Warc Blog

ISA head confident on new ratings

1 July 2014
MUMBAI: The chairman of the Indian Society of Advertisers (ISA) has expressed confidence that a new TV ratings system planned for launch in October will proceed on time.

Hemant Bakshi told [impact] magazine that the progress made by the Broadcast Audience Research Council (BARC) during the past 12 months had been "incredible", adding: "I have not known any industry body to produce such high quality work in such a short period of time".

BARC, a three-way alliance between broadcasters, advertisers and agencies, is aiming to offer a new TV audience measurement facility based on 25,000 people meters in 20,000 homes. Currently ratings supplied by TAM are based on a sample survey, a system that leading broadcasters threatened to withdraw from a year ago because they were unhappy with the basis of data collection.

TAM also came in for criticism from the new Minister for Information and Broadcasting, who recently observed that it had "a specialised skill in marketing its own product" and noted that "every channel can say they are the first (albeit within certain slots)".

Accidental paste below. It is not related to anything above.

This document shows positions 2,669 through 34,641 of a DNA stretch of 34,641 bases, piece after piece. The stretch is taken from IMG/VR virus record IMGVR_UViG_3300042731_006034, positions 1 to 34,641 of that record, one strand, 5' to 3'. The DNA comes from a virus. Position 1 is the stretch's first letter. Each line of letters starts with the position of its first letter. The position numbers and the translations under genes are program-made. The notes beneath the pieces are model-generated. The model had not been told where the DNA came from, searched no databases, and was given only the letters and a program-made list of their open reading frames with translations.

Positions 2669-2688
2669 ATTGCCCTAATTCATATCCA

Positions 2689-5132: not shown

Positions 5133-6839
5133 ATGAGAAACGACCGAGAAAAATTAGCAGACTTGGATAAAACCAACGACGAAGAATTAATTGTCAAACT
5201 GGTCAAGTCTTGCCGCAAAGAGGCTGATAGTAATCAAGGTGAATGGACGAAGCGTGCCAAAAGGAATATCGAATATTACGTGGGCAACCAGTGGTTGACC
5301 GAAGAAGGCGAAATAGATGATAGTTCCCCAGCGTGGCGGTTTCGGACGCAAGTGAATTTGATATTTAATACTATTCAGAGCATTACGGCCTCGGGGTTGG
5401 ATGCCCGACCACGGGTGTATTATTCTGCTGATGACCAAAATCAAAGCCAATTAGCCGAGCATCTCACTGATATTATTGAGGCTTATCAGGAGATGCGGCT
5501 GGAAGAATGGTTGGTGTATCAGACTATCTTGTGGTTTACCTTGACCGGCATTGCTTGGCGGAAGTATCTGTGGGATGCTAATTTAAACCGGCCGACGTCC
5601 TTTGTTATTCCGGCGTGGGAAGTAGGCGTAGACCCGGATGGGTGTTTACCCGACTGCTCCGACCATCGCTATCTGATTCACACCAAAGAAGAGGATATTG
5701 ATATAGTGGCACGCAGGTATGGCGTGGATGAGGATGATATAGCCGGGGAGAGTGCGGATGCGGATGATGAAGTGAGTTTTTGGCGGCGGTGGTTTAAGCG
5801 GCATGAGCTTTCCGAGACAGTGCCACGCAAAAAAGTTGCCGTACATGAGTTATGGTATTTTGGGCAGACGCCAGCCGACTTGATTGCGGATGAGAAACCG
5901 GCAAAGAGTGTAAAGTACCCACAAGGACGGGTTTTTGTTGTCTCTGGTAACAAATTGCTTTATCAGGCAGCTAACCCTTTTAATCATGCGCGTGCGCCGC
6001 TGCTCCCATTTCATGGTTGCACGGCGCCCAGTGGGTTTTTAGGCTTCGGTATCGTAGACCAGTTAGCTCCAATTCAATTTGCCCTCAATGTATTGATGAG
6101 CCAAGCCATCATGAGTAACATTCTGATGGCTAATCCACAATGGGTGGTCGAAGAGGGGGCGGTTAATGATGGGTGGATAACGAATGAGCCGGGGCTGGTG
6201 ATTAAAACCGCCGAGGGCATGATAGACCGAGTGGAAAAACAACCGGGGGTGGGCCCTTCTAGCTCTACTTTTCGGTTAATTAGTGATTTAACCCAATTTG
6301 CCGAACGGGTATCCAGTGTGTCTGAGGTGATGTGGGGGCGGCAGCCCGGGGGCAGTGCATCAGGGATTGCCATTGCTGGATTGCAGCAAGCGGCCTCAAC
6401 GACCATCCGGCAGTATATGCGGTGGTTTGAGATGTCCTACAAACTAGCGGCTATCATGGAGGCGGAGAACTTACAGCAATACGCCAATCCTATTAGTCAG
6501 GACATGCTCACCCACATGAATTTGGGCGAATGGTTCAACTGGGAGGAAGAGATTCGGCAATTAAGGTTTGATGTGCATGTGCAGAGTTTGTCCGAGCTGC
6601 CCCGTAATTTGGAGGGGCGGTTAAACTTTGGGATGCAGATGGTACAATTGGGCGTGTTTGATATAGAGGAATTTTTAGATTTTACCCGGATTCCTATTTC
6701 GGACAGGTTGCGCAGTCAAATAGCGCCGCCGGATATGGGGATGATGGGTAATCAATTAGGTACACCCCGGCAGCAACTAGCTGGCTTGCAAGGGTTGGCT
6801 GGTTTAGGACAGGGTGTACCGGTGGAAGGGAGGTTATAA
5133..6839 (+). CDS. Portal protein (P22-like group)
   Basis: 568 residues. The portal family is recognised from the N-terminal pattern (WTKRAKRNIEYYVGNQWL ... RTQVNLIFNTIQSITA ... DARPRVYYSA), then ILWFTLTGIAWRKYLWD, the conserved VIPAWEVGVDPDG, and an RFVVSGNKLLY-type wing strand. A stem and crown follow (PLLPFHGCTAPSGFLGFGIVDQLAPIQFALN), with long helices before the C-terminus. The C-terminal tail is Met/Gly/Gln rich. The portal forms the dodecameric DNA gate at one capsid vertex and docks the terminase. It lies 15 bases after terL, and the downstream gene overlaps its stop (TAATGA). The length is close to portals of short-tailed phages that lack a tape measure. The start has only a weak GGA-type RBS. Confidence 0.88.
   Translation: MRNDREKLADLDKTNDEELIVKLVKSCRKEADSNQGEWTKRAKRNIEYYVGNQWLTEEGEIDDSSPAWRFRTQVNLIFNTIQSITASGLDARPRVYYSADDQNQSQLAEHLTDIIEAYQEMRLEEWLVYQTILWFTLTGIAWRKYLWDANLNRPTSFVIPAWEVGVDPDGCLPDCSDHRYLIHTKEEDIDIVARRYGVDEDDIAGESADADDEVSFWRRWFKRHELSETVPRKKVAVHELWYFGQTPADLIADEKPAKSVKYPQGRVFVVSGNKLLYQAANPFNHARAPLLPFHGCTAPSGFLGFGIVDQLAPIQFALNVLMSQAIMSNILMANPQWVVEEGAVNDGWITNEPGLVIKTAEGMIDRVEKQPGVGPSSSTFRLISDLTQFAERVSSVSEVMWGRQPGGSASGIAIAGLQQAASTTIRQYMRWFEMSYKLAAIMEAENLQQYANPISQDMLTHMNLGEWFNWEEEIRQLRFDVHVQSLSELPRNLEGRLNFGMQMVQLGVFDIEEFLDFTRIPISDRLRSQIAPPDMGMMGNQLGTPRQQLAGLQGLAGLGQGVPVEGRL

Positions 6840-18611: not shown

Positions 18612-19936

While Bakshi did not anticipate any problems from broadcasters who are already "key constituents" of BARC, he was cautious about the move to the new system. "Very often the failure is not of the measurement system but inadequate communication and lack of transparency in the process," he explained, but he remained optimistic that the transition could be handled "seamlessly".

On the question of funding – TAM had long protested about the lack of funds yet the same organisations were supporting BARC – Bakshi said the council was sensitive to the issue and was "looking at scalable technologies that will not put undue financial pressure on the industry".

He also felt that the industry in India put too much emphasis on TV and that there was a great opportunity to make better use of other media. "Clearly radio is under-leveraged," he stated, adding that "both the broadcasters and advertisers can do a lot more to exploit the reach and depth of radio".

Data sourced from [impact], exchange4media; additional content by Warc staff

 
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